Peter Pan did quite well during its original release. Most critics liked it and Walt himself was pleased with how it had turned out. But I’ve personally never quite connected with Peter Pan. I find the Lost Boys to be an aggressively annoying pack of urchins, not the playful scamps that Disney presumably intended. The Darling children aren’t as actively irritating but they aren’t particularly sympathetic, either. They’re just sort of blank, generic children.

Then there’s Peter Pan himself. He’s completely self-absorbed and remains that way throughout. He’s a hard hero to root for. It’s even harder to understand why every female character is obsessed with him. Tinker Bell’s jealousy over Wendy’s interest makes a little bit of sense since their relationship goes back decades or even centuries. It’s impossible to say how old a pixie and a boy who never grows up actually are. But the mermaids also fawn all over him and try to humiliate Wendy. Then it’s Wendy’s turn to get jealous when Tiger Lily makes her play. Every female character seems to possess just two emotions: blind devotion and petty jealousy.

We should also take a second to talk about Tiger Lily and the Indians. Disney indulges in pretty much every offensive Native American stereotype in the book, from the broken English to literally coloring them red. To be fair, this problem was not unique to Disney or even animation at the time. Nuanced, culturally appropriate depictions of indigenous peoples were few and far between in 1953. Still, a song like “What Made The Red Man Red?” isn’t great no matter what the context of the time.

Considering that Disney has essentially tried to erase Song Of The South from its history altogether, it’s a bit surprising that the latest Blu-ray of Peter Pan (released in 2018) doesn’t even warrant an outdated cultural depictions disclaimer (the version available on Disney+ carries one). Song Of The South is mostly offensive by omission, leaving out specific details that would have helped make the picture more palatable to modern audiences. Peter Pan is actively insulting. You can argue that the Indians aren’t meant to represent actual Native Americans any more than the Pirates are meant to realistically depict life at sea. That’s true enough, as far as that goes. But decades of being represented as literal and figurative cartoon characters is a big reason why racism against native people isn’t taken seriously.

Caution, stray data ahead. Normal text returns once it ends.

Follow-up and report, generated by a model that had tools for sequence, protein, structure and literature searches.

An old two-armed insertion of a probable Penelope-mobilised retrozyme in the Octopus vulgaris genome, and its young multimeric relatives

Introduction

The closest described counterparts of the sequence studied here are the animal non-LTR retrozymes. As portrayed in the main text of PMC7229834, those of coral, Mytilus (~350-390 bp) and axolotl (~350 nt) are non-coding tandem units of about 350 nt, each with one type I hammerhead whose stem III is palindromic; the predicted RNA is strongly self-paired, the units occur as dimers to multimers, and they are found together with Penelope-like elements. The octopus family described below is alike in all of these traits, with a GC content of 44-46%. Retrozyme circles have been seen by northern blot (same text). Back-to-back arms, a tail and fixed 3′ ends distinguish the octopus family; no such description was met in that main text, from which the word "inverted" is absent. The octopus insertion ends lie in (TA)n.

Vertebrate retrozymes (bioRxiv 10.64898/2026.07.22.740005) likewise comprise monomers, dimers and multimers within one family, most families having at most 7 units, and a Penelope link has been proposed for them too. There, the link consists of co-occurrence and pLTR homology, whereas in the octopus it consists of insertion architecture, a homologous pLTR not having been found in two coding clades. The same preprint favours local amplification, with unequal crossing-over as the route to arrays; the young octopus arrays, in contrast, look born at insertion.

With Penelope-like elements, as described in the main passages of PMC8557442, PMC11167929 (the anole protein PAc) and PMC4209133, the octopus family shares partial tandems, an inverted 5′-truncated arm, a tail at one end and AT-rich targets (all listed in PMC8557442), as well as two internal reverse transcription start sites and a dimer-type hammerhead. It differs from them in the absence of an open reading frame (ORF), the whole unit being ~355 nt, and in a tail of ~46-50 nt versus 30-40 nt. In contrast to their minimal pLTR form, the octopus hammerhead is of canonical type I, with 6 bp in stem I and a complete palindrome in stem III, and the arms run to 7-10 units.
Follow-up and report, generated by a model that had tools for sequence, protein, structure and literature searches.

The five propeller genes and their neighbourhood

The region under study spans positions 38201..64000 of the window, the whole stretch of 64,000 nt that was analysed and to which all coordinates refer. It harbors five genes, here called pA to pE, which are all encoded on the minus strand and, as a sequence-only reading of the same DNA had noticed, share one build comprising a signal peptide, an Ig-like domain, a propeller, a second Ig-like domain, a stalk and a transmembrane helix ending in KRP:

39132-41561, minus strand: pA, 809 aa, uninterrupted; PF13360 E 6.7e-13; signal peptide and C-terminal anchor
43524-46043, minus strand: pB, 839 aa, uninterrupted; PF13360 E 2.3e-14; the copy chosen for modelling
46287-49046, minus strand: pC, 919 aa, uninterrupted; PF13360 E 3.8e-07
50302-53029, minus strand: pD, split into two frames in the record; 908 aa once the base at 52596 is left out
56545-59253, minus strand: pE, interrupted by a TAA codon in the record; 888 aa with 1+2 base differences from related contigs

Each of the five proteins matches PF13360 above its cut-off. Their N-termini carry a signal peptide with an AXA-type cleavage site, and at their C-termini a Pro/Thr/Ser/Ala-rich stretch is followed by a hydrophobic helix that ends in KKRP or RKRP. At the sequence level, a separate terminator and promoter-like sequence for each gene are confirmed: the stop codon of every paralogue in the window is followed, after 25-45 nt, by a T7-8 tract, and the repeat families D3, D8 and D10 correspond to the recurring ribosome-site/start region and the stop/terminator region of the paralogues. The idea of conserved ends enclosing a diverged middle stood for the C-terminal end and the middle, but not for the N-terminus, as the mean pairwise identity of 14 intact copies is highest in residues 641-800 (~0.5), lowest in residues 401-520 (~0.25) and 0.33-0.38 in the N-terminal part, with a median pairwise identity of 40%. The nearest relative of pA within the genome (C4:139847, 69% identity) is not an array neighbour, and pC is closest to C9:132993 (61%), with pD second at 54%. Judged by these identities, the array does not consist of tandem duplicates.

For me, the only thing about Peter Pan that really works is the business with the Pirates, especially the cat-and-mouse game between Hook and the Crocodile. These sequences come alive with a slapstick energy that’s more akin to Looney Tunes than Disney. During one of Peter’s confrontations with Hook, they even indulge in the old cartoon standby of a fight continuing off the edge of a precipice. Hook doesn’t start to fall until Peter points down and Hook remembers that gravity is a thing. Wile E. Coyote and the Road Runner made their debut in 1949’s Fast And Furry-ous. It wouldn’t surprise me in the least if Frank Thomas and Wolfgang Reitherman, who were largely responsible for animating Hook and the Crocodile, cribbed some inspiration from their rivals at Warner Bros.

1989 theatrical re-release poster for Peter Pan

By the time Peter Pan was released in 1953, things were changing rapidly at Disney. Up until now, this column has focused primarily on animated features. That’s about to change. From this point forward, the live-action division of the Disney studio will become a lot more active.

Walt had built his reputation on animation, both short subjects and features. But production on the shorts had already begun to slow down. By the end of the decade, the studio all but abandoned the format. Every animated feature had taken years to develop and produce. Now with the backlog of unfinished projects beginning to run dry, the wait between full-length animated features became even longer.